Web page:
So my first published novel is releasing in September. It’s been done for a year. I started a new one, like people told me I should. Procrastinated. Launched a web page with nothing on it, because I only have one book and it’s not out yet. Blogged a bit. Bought Scrivener and an expensive tutorial from a guy who’s making his living marketing tech skills instead of writing. Watched about an hour of it and figured I’d do better if I just dived in and figured it out myself. Spent more time playing with the new program than actually writing. Moved stuff around in the new novel and changed the whole premise. Didn’t like it any better than the first go-round. Watched a bunch of motivational podcasts from successful authors who wanted to help me craft a best-seller for only $700.00. For the cheap package. The deluxe versions ran in the thousands. Nope.

 I didn’t do any of this stuff while writing the first book! It just came to me. I didn’t put any pressure on myself. It was all joy: writing it, playing with it, sharing it, dreaming about it. What happened to me?

I’ll tell you what happened. I got sucked into this vortex of the marketing business and writing what will “sell,” and it took me away from the actual business of creation, the delight of discovering the story in every face I encounter, every song I hear, every tear I cry. I have a zillion stories in my head, and I blocked them by analyzing them to death and rejecting every plot that wasn’t perfect. I stopped playing with them, stopped having fun. If the idea wasn’t expertly crafted as my fingers hit the keys, out it went.

And then it happened. Minor character from the first novel comes into his own. Starts a nonprofit to educate disadvantaged kids. One of them worms his way into his heart and his life. Steals a box of letters from him, letters from the protagonist’s dead brother, and convinces himself and everyone else that he is the dead man’s son, abandoned at birth by a single mom. Who, of course, is in love with the protagonist and has never told him about the child. Why? Does she think he’ll reject her? Does she want to hold on to her free-spirited lifestyle without the burden of parenthood? Or was there never a child in the first place, as she claims?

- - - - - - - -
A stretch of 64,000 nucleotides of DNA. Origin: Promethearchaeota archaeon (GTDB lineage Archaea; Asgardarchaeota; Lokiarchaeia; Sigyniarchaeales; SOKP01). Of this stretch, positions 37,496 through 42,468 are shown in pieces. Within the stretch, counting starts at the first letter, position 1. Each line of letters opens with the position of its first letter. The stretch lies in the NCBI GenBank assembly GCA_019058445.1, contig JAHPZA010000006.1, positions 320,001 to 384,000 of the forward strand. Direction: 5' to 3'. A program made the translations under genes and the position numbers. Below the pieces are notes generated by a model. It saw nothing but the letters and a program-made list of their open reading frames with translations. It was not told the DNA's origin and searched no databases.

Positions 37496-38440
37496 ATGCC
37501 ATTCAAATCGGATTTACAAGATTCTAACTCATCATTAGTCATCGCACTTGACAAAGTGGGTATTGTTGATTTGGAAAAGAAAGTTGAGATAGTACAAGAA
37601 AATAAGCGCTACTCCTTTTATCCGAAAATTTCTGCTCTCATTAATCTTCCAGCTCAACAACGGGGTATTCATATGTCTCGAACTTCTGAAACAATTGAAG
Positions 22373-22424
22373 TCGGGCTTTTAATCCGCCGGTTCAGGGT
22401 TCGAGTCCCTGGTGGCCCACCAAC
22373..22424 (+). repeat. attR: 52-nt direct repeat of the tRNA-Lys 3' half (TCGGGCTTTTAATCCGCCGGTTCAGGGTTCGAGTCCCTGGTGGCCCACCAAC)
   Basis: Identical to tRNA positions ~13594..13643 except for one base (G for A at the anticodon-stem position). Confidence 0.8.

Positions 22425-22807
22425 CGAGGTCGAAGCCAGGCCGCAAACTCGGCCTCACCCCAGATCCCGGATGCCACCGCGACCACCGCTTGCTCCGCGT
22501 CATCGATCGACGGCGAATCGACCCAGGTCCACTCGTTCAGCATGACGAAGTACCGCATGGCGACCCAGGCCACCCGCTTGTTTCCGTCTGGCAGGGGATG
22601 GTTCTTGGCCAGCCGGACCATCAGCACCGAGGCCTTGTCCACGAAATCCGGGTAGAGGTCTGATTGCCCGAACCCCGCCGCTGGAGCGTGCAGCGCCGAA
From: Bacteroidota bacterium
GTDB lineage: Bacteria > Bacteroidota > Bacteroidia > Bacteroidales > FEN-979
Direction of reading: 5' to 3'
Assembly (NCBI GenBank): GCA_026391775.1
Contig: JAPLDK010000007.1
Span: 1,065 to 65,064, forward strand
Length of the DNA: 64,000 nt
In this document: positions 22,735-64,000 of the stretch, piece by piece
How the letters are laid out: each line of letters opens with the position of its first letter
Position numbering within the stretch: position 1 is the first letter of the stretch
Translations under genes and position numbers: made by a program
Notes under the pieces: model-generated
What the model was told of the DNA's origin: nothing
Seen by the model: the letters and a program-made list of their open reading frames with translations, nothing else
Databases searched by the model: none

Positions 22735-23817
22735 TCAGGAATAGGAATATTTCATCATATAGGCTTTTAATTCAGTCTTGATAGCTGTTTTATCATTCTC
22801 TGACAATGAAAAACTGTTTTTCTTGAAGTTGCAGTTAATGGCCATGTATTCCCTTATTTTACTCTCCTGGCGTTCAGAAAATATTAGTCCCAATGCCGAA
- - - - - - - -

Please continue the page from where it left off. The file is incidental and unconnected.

Time to get back to actually writing. Yes!

About Nancy Massand

My debut novel, The Circle Unbroken, was released in September 2019. I live and teach in NYC. As empty nesters my husband and I enjoy the city and the beach in equal measure, but nothing beats spending time with our nine grandkids.
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6 Responses to Stuck

  1. sueberger3 says:

    You go, girl. That sounds fabulous. I am so happy you got out of “write will sell”
    Do you want s blog spot in September or October?

  2. Sure! How do I contact you? Probably October is best.

  3. Lori Ludlow says:

    I’m already excited about this new novel! How many years later does it take place? (guessing it’s a younger brother, you’re writing about?)
    See you in September!

    • Hi Lori! It’s about 12 years later, and it’s Israel’s story. The kid’s mom is Chan, the bohemian designer who did the “gown” at Mavis’ and Harris’ makeshift wedding. And the father? Kid says it’s Jacob. Chan says it’s not. What’s your vote?

  4. Writing what will sell never works. Write what you love!

  5. Thanks for sharing your story. I used Scrivener when I wrote my Master’s Thesis – and I used it the same way you described it in your post – lots of moving around of stuff and not much creation! Glad you found a narrative thread that will give you joy when you write it. Mazel tov. – Greig

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